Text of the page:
Before you lock your classroom door, turn in the keys, and turn off your teacher brain, I recommend you reflect on anything that didn’t go well this year.
Whoohooo! It’s finally the end of the school year! Time for some R’s – Rest, Relaxation, and Rejuvenation!
If you had a tough year this year (as many of us did) you may be especially eager to leave it all behind and get on with your Summer Break. But before you lock your classroom door, turn in the keys, and turn off your teacher brain, I’d like you to take a moment for one other R – Reflect.
Specifically, I recommend you reflect on anything that didn’t go well this year (anything Rotten, to continue our R-word theme.)
Why Reflect on the Negatives?
Now why would I ask you to wallow in your misery instead of playing and having fun? Why be so negative? Why not reflect on the positive things that happened instead?
Because you want next year to be better, that’s why! And if you’re anything like me, you tend to get a little fuzzy about the specific details of what went wrong. You just remember that you didn’t like it, and rejoice (another R word) that you don’t have to face it for a few weeks. Then all that summer relaxation tends to erase it from your memory, and you forget to make a plan to fix it.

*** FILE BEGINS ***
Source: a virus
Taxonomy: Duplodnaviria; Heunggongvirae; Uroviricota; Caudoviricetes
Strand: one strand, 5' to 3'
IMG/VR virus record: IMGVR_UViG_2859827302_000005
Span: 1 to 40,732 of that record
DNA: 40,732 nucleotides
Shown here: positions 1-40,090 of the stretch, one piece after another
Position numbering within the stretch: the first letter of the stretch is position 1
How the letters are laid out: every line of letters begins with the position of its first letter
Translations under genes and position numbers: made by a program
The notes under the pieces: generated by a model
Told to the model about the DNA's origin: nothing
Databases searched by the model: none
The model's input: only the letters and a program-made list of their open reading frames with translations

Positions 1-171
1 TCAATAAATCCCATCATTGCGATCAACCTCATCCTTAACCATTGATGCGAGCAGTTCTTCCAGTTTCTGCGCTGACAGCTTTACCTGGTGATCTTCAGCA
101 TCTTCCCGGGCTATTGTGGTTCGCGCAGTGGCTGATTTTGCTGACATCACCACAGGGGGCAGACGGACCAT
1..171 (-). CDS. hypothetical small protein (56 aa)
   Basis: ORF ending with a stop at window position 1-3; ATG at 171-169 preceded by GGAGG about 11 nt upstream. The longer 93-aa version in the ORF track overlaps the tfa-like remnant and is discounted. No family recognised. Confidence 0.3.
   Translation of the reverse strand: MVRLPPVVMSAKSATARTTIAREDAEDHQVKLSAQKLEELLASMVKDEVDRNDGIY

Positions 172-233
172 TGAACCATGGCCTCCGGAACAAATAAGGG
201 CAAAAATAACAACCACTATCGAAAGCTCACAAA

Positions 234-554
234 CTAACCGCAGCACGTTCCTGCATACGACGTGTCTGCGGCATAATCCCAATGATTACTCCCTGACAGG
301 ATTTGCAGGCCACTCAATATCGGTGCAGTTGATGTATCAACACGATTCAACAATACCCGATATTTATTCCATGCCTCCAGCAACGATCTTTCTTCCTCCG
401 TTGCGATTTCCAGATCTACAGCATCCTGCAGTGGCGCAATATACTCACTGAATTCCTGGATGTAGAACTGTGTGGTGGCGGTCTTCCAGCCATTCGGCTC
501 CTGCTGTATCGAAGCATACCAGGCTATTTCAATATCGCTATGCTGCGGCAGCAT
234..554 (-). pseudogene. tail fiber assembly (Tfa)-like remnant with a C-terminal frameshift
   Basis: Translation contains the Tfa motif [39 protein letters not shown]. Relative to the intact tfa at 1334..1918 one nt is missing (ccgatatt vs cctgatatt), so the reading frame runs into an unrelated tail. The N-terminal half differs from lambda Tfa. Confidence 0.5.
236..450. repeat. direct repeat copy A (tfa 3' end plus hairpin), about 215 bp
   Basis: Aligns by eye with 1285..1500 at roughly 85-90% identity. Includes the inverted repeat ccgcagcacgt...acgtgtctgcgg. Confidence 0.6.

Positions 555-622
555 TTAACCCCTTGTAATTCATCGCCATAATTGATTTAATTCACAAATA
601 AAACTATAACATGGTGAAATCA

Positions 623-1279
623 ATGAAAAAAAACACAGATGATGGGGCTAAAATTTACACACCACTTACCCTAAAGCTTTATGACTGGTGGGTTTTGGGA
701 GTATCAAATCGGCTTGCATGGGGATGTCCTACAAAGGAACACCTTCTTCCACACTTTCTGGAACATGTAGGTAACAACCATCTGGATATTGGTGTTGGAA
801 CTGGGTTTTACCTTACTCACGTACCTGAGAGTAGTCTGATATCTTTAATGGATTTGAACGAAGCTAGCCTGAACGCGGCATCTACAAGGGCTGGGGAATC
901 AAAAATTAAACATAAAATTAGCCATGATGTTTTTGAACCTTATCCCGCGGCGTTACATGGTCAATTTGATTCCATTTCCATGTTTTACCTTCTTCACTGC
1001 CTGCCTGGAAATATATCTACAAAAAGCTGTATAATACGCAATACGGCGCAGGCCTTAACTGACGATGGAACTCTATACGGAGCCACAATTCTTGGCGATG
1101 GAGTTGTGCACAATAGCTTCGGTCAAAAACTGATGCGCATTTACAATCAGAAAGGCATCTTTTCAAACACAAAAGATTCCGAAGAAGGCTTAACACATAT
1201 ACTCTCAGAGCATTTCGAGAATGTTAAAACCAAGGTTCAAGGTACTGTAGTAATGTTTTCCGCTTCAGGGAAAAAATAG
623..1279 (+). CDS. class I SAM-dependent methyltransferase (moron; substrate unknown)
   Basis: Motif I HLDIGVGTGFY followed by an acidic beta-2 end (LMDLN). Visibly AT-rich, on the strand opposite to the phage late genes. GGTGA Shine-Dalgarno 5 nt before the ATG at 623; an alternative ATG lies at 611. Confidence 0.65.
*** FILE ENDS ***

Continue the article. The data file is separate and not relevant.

But things aren’t going to get better next year by accident. The definition of insanity is taking the same action and expecting different results.
Don’t Try to Fix It Now
I know you don’t have the energy right now to figure out how to fix everything, and I’m not asking you to do that. I’m just asking you to make a list of things you’d like to improve for next year. Then, once you’ve rested a little and you’re ready to think about next year, you’ll know what you need to work on.
So what drove you crazy this year? The transition after lunch? Tardies? Kids throwing things? Backtalk? Eyerolling? Side conversations? The pencil sharpener? Write it all down and lock it away in a drawer somewhere until you’re ready to start thinking about next year.
Reflect Now, Fix Later
Once you’re ready, dig your list out of your drawer and create a routine for each one of those “drove you crazy” items. I recommend using a process such those I teach in Taming the Chaos [video class] or the Take-Charge Teacher [DIY workbook.] Or use the Teach-To process from the Time to Teach Classroom Management Strategies That Work seminar, or any other process that works for you.
Making your “what went wrong” list now can help you let it go so you truly can Rest, Relax, and Rejuvenate. Have a great break, and I’ll see you next year!
Katrina Ayres, PositiveTeachingStrategies.com